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US Commercial Property Prices Drop for First Time Since 2010

 

Moody’s issued the following release today:

Moody's/RCA Commercial Property Price Indices (CPPI) national all-property composite index declined 0.3% in January 2016…the decline is the first since the CPPI troughed in early 2010, and follows a flat performance this past December. Moody's/RCA CPPI measures price changes in US commercial real estate based on ‘repeat-sales,’ or completed sales of the same properties.

“The latest results indicate that commercial property price growth in the US has paused six years into the post-crisis recovery," says Moody's Director of Commercial Real Estate Research, Tad Philipp. "We consider this a significant milestone that signals that a shift in sentiment among commercial property investors is underway." The decline in the overall index was led by a 0.8% decrease in core commercial prices over the past three months, Philipp says. In January, office and industrial property prices each fell by more than 1%. Retail was the only core commercial property sector to show a gain in January, with prices rising 1.1%.

 

Does this spell the end of the rally in U.S. commercial real estate prices? One month’s decline makes it too soon to tell, but a pull-back in price appreciation is inevitable at some point. While financial market volatility may be dampening investor demand, it’s important to note that on a total return basis, REITs continue to outperform: For the year to March 3, the total returns of the FTSE/NAREIT All REIT Index dropped 0.1 percent, while the S&P 500 Index fell 2.1 percent. One metric to watch going forward? Sales volumes.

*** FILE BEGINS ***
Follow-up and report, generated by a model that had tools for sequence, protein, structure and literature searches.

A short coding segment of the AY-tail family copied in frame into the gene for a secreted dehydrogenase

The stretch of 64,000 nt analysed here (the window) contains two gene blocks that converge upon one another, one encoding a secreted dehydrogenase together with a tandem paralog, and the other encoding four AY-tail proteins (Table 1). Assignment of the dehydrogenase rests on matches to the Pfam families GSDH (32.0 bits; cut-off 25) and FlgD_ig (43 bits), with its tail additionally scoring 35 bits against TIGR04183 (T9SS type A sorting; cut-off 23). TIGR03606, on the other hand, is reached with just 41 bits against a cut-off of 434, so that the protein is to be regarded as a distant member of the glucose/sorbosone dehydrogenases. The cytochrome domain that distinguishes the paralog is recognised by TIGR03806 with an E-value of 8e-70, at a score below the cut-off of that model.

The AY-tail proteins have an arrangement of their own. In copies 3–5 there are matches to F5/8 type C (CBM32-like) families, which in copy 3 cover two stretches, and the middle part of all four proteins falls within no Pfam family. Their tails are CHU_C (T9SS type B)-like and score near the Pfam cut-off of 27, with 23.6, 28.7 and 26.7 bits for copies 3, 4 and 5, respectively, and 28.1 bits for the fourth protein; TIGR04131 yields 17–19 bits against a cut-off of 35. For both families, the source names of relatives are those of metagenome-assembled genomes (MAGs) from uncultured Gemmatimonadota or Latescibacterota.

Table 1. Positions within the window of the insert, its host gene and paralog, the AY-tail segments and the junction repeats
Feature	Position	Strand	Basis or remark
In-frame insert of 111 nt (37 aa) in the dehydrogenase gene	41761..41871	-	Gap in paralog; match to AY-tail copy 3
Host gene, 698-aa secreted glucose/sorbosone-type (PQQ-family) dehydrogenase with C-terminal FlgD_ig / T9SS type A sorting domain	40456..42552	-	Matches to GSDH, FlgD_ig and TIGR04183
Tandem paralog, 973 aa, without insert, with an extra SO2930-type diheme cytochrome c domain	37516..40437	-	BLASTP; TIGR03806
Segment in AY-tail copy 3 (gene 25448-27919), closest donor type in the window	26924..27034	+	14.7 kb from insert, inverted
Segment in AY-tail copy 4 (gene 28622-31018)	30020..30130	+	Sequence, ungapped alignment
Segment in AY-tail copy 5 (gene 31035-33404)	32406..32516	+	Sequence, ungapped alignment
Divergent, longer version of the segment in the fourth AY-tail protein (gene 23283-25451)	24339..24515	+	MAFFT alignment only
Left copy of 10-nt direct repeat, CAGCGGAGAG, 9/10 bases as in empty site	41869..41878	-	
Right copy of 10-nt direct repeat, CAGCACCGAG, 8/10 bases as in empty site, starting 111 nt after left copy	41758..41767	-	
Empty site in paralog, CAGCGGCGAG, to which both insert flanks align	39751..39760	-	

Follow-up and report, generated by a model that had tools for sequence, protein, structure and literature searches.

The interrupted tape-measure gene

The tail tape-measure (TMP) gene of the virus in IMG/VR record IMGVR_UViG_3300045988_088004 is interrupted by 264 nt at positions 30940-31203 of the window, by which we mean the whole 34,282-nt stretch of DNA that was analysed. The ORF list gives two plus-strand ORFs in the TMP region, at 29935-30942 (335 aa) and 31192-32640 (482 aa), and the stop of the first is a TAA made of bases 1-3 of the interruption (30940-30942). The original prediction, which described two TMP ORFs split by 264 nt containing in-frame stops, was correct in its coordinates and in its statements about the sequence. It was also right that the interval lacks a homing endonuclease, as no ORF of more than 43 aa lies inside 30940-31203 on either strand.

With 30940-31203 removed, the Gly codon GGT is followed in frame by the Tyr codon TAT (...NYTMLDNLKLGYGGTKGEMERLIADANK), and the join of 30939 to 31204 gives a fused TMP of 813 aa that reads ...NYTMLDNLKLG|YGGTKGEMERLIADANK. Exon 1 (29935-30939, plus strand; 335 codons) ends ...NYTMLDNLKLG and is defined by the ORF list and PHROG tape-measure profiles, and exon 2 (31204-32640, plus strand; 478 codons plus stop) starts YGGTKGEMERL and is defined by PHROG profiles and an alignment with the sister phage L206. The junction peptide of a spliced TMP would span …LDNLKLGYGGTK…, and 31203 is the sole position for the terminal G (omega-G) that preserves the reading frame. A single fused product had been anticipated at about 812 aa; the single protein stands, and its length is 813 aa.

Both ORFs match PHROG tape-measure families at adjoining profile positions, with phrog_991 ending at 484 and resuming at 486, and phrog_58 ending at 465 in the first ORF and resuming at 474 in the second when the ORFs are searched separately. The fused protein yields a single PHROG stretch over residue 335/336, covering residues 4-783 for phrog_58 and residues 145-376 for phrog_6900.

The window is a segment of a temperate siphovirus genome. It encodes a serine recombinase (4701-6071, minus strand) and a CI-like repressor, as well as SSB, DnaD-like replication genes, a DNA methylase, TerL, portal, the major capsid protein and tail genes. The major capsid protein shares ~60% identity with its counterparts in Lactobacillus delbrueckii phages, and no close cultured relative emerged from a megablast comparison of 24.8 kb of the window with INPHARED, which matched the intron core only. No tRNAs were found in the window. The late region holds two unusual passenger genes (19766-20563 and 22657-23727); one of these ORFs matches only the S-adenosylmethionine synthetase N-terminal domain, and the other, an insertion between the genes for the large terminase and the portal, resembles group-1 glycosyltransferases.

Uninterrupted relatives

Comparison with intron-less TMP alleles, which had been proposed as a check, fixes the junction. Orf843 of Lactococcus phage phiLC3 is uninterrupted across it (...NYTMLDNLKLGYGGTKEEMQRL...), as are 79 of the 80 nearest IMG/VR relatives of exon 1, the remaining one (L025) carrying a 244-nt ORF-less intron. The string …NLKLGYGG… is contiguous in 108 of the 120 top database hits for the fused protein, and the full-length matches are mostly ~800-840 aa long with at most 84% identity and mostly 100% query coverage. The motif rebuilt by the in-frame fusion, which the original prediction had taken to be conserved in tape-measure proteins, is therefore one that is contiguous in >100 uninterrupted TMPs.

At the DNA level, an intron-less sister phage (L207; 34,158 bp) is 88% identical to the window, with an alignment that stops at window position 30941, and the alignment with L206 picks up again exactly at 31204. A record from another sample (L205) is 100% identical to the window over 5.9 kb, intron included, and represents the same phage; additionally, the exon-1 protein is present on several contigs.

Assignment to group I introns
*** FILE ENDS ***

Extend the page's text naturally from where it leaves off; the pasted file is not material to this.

According to RCA, global investment in U.S. office buildings totals $4.2B year-to-date, behind the pace required to match 2015's record $28.8B in volume. Qatar is at the top of the investor list so far, but activity from Canadian investors has slowed, with oil’s decline likely to blame. While the Moody’s index has almost doubled since its January 2010 trough and is about 17 percent higher than its previous peak, it’s not unfathomable to see a slowdown in office markets that have advanced the most—such as New York and San Francisco, where prices have more than tripled since the market’s bottom.

 

Main image via Engel Ching/Shutterstock.com

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Heidi Learner

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